Demeter says that such examples point out one of his steadfast beliefs about art. "No art is formed in a vacuum," he says, pointing out that understanding the history, culture, and beliefs of a period in which a piece of art was produced helps you understand and appreciate the art much better,

St. George slaying the dragon
Christian art of ages past also often depicted the battle between virtuous knights such as St. George and evil dragons. "These were really showing the power of the church in subduing evil," Demeter said as we began examining a series of dragon in Christian art.

In fact, Demeter said the great artist Leonardo da Vinci had his own beliefs about depicting dragons in art. "When you are drawing a dragon, you should use as many real parts (of animals) as you can," da Vinci was supposed to have said. "That will make it more terrifying."

Early Dutch painters always included real-life images with highly symbolic meanings in their works. We looked at one Dutch painting that Demeter noted included a frog so realistic that its species can still be identified today. "That's how well the Dutch did their art. It's amazing," Demeter noted.

Frog or toad: Now you should be able to tell
From the paintings, we moved to sculpture, examining first a series by DaRavenna involving Neptune and dragon-like sea monsters. In the same gallery, were incredibly realistic depictions of frogs and toads. Demeter explained how those depictions were so life-like. "They used real models as molds. Now you can't use a live frog. And you can't use a dead frog. So they would stun the frog by putting him in either vinegar or urine," Demeter explained. Of course, that process was painful for the animal. In fact, Demeter pointed out that one of the replicas was actually mislabeled by museum experts. It was called a toad when actually it was a frog. And how did Demeter know. The small statue had its mouth opened in anguish and only frogs open their mouths that way.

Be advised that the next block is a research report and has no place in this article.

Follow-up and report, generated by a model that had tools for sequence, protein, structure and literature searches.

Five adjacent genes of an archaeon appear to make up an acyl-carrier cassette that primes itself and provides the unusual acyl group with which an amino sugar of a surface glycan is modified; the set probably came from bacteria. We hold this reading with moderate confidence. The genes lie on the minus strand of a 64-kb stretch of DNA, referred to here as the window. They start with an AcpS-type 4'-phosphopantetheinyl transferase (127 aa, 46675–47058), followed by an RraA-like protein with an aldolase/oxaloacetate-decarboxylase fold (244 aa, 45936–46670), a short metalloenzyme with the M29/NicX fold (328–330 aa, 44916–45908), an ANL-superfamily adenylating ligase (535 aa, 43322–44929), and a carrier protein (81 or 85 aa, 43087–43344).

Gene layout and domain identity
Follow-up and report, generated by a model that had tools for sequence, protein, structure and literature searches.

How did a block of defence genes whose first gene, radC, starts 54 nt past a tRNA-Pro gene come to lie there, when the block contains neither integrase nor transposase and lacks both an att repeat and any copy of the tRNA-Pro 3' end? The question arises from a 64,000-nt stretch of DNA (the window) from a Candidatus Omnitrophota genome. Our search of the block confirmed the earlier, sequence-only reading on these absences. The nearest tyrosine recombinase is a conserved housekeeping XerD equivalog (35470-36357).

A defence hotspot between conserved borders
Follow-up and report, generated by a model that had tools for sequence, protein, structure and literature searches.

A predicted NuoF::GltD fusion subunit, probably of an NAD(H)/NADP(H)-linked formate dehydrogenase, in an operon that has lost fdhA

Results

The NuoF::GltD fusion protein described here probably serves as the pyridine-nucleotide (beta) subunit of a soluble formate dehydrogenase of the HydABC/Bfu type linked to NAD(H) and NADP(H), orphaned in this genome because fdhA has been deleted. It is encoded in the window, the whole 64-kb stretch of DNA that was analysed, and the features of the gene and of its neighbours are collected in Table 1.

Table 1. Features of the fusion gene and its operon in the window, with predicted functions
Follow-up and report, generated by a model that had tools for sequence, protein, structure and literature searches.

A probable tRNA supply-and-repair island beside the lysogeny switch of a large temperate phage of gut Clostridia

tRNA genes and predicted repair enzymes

Chinese dragon vase
The tour finished in the gallery containing exquisite Chinese porcelain vases. The Chinese have a quite positive view of both dragons and snakes. "They are not mean. They bring good luck. To have been born in the year of the dragon is the best. To have been born in the year of the snake is the second best," Demeter said.

The Chinese have a very involved mythology surrounding dragons. They believe it takes 3,000 years for a dragon to fully form and that they go through many stages during that time. The Chinese also believe that dragons bring rain. Demeter said that there may be a scientific reason for that belief.

"The ancient Chinese were very astute observers of nature. We have found remains of crocodiles in China with a skull of more than 30-feet. Such a crocodile would have been huge. It could have weighed tons - in short, a dragon. Crocodiles are also effected by barometric pressure. When it drops, they move. Thus, it would have been natural to associate them with rain," Demeter said.

"The Chinese were also aware of dinosaur fossils. You put that all together and you can easily see where the dragon mythology comes from," he added.